Faulconer Gallery turns fifteen

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Community members engage in art activities in celebration of Faulconer Gallery’s 15th anniversary. Photo by Aaron Juarez.

Members of the Grinnell Community came to campus last weekend to help celebrate the 15th anniversary of the Faulconer Gallery. The festivities began on Friday, Sept. 26 with a reception to kick off the weekend full of art-based activities and events, which coincided with the start of Family Weekend.

The reception also celebrated the last weekend of the successful exhibition of “Edward Burtynsky: Water,” which closed on Sunday, Sept. 28. The exhibition focused on the role water has in the contemporary world through enlarged photographs taken by Edward Burtynsky on his travels.

On Monday, Sept. 29, in order to continue the festivities from Friday, staff members from the Faulconer Gallery invited community members to indulge in art activities. Tilly Woodward, the Curator of Academic and Community Outreach, led students and community members in tie-dye, marbling and photography. The weekend concluded on a very peaceful note with a morning of yoga in the Gallery on Sunday.

Community members engage in art activities in celebration of Faulconer Gallery’s 15th anniversary. Photo by Aaron Juarez.
Community members engage in art activities in celebration of Faulconer Gallery’s 15th anniversary.
Photo by Aaron Juarez.

The 15th anniversary celebrations highlighted the importance and the number of groups and initiatives that came along with the founding of the gallery. One of the main individuals involved with the gallery’s ongoing success is its founder and director, Lesley Wright.

After earning her Ph.D. from Stanford, Wright eventually founded the Faulconer Gallery in 1999. She has curated several shows, including the gallery’s inaugural show, “Re-Structure”.

“We went from having no presence as an art institution in the state to being a major museum for Iowa. We regularly attract visitors from Des Moines, Iowa City, Ames and Cedar Rapids as well as from further afield,” Wright wrote in an email to The S&B.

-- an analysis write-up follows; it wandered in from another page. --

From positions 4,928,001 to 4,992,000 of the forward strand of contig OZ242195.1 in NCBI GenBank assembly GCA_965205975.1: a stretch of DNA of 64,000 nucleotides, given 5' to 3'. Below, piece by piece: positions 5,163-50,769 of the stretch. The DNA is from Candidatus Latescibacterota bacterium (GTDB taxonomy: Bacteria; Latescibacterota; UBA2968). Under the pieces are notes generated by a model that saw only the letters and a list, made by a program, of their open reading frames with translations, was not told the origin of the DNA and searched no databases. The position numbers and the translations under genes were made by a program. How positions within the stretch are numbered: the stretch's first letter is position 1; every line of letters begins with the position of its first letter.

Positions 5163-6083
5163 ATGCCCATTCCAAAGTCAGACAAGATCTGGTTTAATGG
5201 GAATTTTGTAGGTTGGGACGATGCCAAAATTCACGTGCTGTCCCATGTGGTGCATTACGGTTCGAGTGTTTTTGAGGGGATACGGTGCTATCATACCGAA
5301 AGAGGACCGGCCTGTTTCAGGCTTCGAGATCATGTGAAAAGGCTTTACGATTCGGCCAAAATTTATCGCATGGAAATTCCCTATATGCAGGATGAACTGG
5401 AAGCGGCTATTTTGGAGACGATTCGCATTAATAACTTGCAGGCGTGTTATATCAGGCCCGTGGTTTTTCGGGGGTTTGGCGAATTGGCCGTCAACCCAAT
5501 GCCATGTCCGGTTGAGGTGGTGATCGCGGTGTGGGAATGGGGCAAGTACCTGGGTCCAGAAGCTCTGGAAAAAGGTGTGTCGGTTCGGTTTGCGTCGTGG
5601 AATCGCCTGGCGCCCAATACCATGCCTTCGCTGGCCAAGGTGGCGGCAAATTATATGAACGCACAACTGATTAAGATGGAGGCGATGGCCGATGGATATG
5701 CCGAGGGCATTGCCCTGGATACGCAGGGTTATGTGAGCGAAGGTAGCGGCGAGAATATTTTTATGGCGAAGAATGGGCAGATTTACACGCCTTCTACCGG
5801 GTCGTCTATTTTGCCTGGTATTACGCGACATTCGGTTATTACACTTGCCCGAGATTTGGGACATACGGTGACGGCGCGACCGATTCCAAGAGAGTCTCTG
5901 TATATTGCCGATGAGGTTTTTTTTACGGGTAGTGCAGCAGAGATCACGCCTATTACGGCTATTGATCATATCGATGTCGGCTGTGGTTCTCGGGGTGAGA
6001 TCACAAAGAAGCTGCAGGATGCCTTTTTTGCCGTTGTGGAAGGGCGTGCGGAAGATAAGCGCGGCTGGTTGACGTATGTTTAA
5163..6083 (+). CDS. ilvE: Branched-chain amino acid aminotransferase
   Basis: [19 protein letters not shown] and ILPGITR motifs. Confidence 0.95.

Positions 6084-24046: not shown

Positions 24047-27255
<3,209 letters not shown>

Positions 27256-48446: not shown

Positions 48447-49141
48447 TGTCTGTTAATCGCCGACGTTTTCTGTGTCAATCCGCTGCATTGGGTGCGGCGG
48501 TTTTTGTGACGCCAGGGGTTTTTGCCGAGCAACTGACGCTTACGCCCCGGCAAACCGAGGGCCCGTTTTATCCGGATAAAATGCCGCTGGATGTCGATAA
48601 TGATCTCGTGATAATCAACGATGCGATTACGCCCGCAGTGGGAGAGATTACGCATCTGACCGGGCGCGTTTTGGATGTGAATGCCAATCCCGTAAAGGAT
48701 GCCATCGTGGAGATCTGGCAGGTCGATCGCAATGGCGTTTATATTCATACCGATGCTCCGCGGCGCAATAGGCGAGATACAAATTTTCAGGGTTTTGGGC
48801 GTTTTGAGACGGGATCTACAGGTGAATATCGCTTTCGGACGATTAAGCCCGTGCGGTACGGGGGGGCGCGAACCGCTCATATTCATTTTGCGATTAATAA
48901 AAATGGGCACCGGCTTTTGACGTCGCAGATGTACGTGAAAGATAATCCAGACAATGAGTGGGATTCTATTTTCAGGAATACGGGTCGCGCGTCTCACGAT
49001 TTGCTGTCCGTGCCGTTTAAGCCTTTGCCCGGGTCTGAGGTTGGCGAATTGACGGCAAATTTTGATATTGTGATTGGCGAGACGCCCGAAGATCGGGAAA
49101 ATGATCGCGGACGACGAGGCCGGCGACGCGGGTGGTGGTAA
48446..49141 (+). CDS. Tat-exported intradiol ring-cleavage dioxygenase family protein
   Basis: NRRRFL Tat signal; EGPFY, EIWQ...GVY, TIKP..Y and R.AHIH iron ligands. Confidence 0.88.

Since its founding, the Faulconer Gallery has made a large impact on the Grinnell community, adhering to its Statement of Purpose to promote “learning through artistic excellence and creative collaboration.” It has welcomed 192,727 visitors in 15 years and has showcased 223 exhibitions around campus—113 of which were exhibited in the gallery itself.

Despite her countless memories as founder and director of the gallery, Wright is most proud of three major feats: the growth and excellence of the gallery’s collection, which is a significant resource for primary research and teaching; the variety and significance of the gallery’s exhibitions in one of the largest exhibition spaces in the state and the range and quality of the gallery’s programs for the campus and community.

But the gallery has provided space for more than art. It has given students a space for dialogue and has sparked different initiatives and organizations around campus. One of the organizations is the Friends of Faulconer. The main mission of the organization is to get more students engaged in the gallery and to help plan events the gallery will host.

Despite the milestones the Faulconer Gallery has achieved, it has a lot more in store for the community.

“We are in the last stages of creating a new system to track and share our collections electronically. Once that system is in place in Digital Grinnell, we are looking forward to helping students and faculty work with our collection online. We are exploring our current staffing and considering what other positions, if any, would improve our operations,” Wright wrote.

After 15 years, she thinks it’s safe to say that most people can’t imagine Grinnell without Faulconer Gallery. “That’s a milestone to celebrate,” Wright said.